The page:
Every January, many of us roll up our sleeves and set out to improve our lives with New Year’s resolutions. For high school students, this could mean resolving to stop procrastinating, get more sleep, or join a new club. We all start determined and optimistic, but by this time in the month many find themselves lacking motivation and slipping back into old, established habits.
It doesn’t have to be that way. This month, we’ve collected some of the best research-proven strategies for sticking to your new resolution. Building new habits is hard, but by using evidence-based strategies you can start working with your brain instead of against it - and make your life that much easier this semester in the process!
Get SMART. SMART is a common goal-setting strategy that emerged from corporate settings in the 1980s, and it’s still a helpful way to conceptualize your goals today. It’s an acronym that stands for:
Specific. Specificity helps you keep yourself accountable. Instead of resolving to stop procrastinating, keep your goal grounded in reality by deciding, for example, to spend the first hour after you get home on Friday working on homework so you have less to rush and finish on Sunday night.
Measurable. Tracking and quantifying your progress - for example, how many more hours of sleep you’re getting each week - is a great way to stay motivated.
Attainable. Setting unreasonable goals (I’m going to start ten new clubs this semester!) is a straight path towards disappointment, which will only discourage you from trying next time. Set reasonable, but appropriately challenging goals.
Relevant. Think about what your overall goals are - less stress, better test scores, a healthier social life, etc. - and pick a resolution that will move you in the right direction. It’s easier to stay motivated to do something specific when it’s working towards a larger goal.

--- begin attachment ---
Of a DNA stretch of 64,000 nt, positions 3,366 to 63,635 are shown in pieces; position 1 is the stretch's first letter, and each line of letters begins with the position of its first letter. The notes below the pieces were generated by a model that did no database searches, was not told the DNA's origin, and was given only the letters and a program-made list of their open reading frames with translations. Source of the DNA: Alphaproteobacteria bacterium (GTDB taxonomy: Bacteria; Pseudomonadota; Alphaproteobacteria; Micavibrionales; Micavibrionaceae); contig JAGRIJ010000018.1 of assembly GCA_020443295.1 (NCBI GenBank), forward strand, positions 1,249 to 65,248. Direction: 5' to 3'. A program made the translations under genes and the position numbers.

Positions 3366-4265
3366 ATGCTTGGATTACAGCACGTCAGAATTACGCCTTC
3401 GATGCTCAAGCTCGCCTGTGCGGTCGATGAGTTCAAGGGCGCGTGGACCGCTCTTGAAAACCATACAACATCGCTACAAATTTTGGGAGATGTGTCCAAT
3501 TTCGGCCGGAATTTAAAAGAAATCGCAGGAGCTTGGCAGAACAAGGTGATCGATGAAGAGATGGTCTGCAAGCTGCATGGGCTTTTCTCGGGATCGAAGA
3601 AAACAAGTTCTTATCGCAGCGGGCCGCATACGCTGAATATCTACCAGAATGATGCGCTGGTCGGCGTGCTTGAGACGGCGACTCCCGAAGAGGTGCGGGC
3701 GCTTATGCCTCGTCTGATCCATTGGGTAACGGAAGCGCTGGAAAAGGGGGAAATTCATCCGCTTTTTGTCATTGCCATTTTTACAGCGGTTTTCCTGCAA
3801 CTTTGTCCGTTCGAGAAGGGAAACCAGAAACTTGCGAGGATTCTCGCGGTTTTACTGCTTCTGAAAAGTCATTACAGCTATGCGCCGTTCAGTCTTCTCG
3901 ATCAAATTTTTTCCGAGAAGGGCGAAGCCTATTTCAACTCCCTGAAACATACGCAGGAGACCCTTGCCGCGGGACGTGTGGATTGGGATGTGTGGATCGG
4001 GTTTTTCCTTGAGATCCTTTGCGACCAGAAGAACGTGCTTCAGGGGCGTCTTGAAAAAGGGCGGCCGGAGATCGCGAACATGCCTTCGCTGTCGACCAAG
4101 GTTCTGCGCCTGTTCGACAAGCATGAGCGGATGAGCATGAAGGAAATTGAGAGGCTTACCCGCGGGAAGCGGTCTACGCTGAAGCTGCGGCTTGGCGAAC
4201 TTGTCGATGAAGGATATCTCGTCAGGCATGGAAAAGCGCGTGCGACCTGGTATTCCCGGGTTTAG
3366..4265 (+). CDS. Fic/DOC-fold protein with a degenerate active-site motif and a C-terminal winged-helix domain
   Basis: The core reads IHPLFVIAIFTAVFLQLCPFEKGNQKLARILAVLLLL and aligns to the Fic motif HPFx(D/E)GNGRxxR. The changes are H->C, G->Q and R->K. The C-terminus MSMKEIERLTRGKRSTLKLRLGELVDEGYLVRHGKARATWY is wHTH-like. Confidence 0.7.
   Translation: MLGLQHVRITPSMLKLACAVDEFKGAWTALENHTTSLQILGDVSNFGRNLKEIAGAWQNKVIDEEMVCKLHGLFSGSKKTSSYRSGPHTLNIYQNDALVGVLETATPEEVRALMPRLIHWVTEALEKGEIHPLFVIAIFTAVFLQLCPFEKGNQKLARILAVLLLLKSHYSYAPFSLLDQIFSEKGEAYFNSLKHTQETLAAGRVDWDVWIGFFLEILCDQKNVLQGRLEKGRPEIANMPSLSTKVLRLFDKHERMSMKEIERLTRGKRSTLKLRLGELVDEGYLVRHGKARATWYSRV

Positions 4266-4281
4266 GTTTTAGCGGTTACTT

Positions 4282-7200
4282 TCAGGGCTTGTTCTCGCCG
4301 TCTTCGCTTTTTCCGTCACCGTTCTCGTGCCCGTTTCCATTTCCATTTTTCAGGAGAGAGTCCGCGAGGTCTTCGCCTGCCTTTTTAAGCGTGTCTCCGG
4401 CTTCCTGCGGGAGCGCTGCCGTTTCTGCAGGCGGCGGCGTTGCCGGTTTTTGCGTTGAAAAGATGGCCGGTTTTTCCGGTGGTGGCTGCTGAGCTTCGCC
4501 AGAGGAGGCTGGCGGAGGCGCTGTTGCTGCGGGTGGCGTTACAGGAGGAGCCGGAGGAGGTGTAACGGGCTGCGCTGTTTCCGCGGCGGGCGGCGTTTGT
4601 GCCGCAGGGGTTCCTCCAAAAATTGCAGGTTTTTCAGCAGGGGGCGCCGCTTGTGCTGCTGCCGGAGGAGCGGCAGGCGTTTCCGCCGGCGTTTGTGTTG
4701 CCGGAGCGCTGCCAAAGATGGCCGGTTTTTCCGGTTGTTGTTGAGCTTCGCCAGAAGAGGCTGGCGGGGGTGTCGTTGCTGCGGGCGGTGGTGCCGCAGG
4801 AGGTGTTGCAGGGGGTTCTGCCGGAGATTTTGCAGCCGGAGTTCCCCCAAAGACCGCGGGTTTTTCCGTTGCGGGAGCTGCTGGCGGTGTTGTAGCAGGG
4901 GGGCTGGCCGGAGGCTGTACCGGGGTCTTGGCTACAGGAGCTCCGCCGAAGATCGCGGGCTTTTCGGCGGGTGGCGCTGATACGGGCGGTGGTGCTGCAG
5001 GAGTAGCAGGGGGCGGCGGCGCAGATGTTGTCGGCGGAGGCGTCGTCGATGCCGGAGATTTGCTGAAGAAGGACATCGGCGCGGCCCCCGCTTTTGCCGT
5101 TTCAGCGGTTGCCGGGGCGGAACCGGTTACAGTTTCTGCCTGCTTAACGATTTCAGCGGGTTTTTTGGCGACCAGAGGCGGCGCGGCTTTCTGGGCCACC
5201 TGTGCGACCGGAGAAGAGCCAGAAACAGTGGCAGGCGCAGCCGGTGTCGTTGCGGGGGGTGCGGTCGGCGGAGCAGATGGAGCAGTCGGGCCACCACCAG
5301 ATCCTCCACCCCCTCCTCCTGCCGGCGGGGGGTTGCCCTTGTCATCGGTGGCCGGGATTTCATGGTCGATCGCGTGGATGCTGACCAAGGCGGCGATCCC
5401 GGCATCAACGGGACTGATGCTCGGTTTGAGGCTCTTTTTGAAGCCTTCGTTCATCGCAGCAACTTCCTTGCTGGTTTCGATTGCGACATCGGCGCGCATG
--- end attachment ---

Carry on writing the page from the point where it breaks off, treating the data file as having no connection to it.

Time-bound. Give yourself a deadline to keep yourself focused. Deciding to run more often is one thing; signing up for a 5k on March 3rd is another!
Keep it simple. Princeton social psychologist Roy F. Baumeister has conducted numerous studies demonstrating that human willpower is a limited resource, so you’re more likely to succeed by limiting temptation rather than simply trying to resist it. If you want to spend less time on social media, for example, you can delete apps from your phone, have a friend change your passwords, and keep other sources of entertainment (books, art supplies, etc.) readily available. You’re unlikely to succeed just by deciding to change your behavior; instead, make permanent changes that make the habit you’re trying to develop more convenient than the one you’re trying to break.
Chain your habits. MIT researcher Ann M. Graybiel theorized that the human brain thinks of behaviors in chains; for instance, many people check their phones before going to sleep because the actions of getting into bed and turning on a cell phone are cognitively grouped together. You can take advantage of this by determining what strong habits you already possess and linking your new goals to them. So if you want to drink more water, for example, and you routinely get an after-dinner snack, try keeping a glass in the snack cabinet to remind you to hydrate while you’re snacking. Before long, you’ll find yourself drinking water every evening without needing to think about it.
As you work on establishing new habits this semester, the most important thing of all is to be patient. You’re not going to hit your goal every day, and that’s okay. Everyone works a little bit differently, so if you try one of the tips above and it doesn’t work for you, don’t sweat it - just dust yourself off and try differently next time.